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SAN FRANCISCO (Reuters) – Hewlett-Packard Co said it was looking inside and outside the company to find a replacement for Mark Hurd, who resigned on Friday following a sexual harassment investigation that found Hurd violated HP’s policy for standard business practices.

Analysts said HP had a deep bench of executive talent to draw from, even excluding interim CEO Cathie Lesjak, who has said she is not interested in taking the chief executive job on a full-time basis.

Here are five of HP’s most high-profile executives who could be in line to replace Hurd.

TODD BRADLEY: A veteran manager with stints at GE Capital, FedEx Corp and Palm Inc under his belt, Bradley has headed HP’s personal computer business since 2005. Under his watch, HP became the world’s No. 1 PC maker, displacing the once-fearsome Dell Inc, while boosting operating margins in the hardscrabble hardware business.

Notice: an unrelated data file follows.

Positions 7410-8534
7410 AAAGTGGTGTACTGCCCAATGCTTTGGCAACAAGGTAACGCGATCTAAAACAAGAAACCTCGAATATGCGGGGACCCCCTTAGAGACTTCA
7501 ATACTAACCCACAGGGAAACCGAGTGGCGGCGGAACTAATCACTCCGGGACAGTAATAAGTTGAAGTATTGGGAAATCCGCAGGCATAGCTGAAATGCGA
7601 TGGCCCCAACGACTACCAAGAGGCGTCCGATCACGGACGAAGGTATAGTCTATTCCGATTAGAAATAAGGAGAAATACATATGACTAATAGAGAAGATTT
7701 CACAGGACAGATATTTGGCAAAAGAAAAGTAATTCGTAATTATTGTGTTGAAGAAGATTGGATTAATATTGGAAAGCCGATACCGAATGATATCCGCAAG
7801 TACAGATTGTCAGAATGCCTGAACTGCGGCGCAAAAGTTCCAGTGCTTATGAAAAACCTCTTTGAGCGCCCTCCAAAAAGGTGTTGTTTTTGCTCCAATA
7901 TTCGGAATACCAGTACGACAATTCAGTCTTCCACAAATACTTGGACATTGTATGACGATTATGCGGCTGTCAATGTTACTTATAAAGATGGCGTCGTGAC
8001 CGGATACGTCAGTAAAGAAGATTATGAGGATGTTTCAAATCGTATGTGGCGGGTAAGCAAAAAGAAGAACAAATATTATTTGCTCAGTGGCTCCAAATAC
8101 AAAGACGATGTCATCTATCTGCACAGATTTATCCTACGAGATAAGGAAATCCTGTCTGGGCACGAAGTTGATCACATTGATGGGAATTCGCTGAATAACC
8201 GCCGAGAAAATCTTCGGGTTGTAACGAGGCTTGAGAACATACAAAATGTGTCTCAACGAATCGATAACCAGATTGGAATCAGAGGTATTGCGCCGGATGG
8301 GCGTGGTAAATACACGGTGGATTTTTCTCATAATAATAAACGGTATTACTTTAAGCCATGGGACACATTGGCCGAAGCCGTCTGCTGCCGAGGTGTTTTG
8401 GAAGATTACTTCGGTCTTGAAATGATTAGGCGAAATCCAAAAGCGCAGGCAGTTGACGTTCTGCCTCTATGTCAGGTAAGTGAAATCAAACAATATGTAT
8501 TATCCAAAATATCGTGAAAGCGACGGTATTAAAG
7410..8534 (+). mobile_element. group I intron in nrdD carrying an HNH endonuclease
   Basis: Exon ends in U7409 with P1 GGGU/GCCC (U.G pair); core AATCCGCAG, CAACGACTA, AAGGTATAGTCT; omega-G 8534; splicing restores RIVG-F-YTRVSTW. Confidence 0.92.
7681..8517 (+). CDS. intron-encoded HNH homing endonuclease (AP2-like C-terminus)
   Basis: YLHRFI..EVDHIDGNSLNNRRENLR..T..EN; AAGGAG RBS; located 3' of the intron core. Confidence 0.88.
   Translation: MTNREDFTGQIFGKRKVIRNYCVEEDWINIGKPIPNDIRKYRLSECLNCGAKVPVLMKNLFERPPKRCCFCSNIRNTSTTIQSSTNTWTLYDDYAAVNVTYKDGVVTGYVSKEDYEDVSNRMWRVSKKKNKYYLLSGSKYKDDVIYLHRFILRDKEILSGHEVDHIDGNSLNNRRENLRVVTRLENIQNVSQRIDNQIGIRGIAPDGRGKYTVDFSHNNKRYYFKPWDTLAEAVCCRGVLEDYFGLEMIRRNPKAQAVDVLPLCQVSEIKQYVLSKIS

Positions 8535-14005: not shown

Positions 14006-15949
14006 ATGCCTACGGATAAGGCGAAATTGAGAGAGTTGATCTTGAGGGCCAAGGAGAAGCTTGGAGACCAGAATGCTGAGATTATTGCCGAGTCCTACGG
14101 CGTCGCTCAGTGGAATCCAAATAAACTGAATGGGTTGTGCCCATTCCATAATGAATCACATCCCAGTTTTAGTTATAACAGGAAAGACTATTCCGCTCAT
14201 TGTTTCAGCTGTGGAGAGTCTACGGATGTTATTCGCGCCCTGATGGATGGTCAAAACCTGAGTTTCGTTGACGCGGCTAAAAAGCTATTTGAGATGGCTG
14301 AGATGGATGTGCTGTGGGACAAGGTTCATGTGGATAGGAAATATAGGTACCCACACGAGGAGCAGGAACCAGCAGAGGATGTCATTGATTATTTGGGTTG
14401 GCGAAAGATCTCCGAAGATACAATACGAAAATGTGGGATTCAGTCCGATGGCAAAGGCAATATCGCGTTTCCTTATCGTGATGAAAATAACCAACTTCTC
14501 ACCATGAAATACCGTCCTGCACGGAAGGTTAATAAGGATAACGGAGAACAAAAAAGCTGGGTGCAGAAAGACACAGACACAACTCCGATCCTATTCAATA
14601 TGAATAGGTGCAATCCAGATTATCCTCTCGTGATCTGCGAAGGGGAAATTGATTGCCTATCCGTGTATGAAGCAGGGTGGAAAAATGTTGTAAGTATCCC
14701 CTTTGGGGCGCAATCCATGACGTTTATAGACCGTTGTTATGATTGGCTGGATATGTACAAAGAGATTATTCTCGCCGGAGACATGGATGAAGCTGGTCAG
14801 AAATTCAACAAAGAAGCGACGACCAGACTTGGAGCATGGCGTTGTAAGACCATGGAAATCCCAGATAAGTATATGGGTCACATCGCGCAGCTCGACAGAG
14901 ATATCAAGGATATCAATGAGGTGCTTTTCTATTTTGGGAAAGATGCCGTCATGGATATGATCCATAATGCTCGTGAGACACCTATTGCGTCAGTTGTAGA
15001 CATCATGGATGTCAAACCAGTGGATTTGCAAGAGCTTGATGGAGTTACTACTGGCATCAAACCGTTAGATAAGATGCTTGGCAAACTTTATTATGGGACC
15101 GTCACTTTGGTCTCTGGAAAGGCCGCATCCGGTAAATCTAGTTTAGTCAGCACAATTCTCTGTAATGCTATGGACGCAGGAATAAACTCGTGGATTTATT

SHANE ROBISON: Robison oversees HP’s corporate strategy, including mergers and acquisitions, and its technology plans. The HP chief strategy and technology officer controls HP’s nearly $3 billion research and development efforts, and has spearheaded its push into software and services with big-ticket acquisitions like EDS and Mercury Interactive.

VYOMESH JOSHI: HP’s imaging and printing group is one of the company’s most profitable businesses, and the high-energy Joshi has become synonymous with the business since taking the reins in 2002.

Joshi joined HP as a research and development engineer in 1980 and sits on Internet giant Yahoo Inc’s board of directors.

ANN LIVERMORE: Livermore has become acquainted with many corners of HP’s sprawling business in her 28-year career with the company, with management positions in sales, research and development and business management. In her current role as executive vice president of HP’s roughly $54 billion enterprise business, Livermore oversees the company’s server, storage and software and services operations.

DAVE DONATELLI: One of the newer faces on HP’s senior management team, Donatelli joined HP last year from storage giant EMC Corp, where he worked for 22 years. At HP, Donatelli is responsible for the company’s storage, server and networking products.

(Reporting by Alexei Oreskovic; Editing by Richard Chang and Ron Popeski)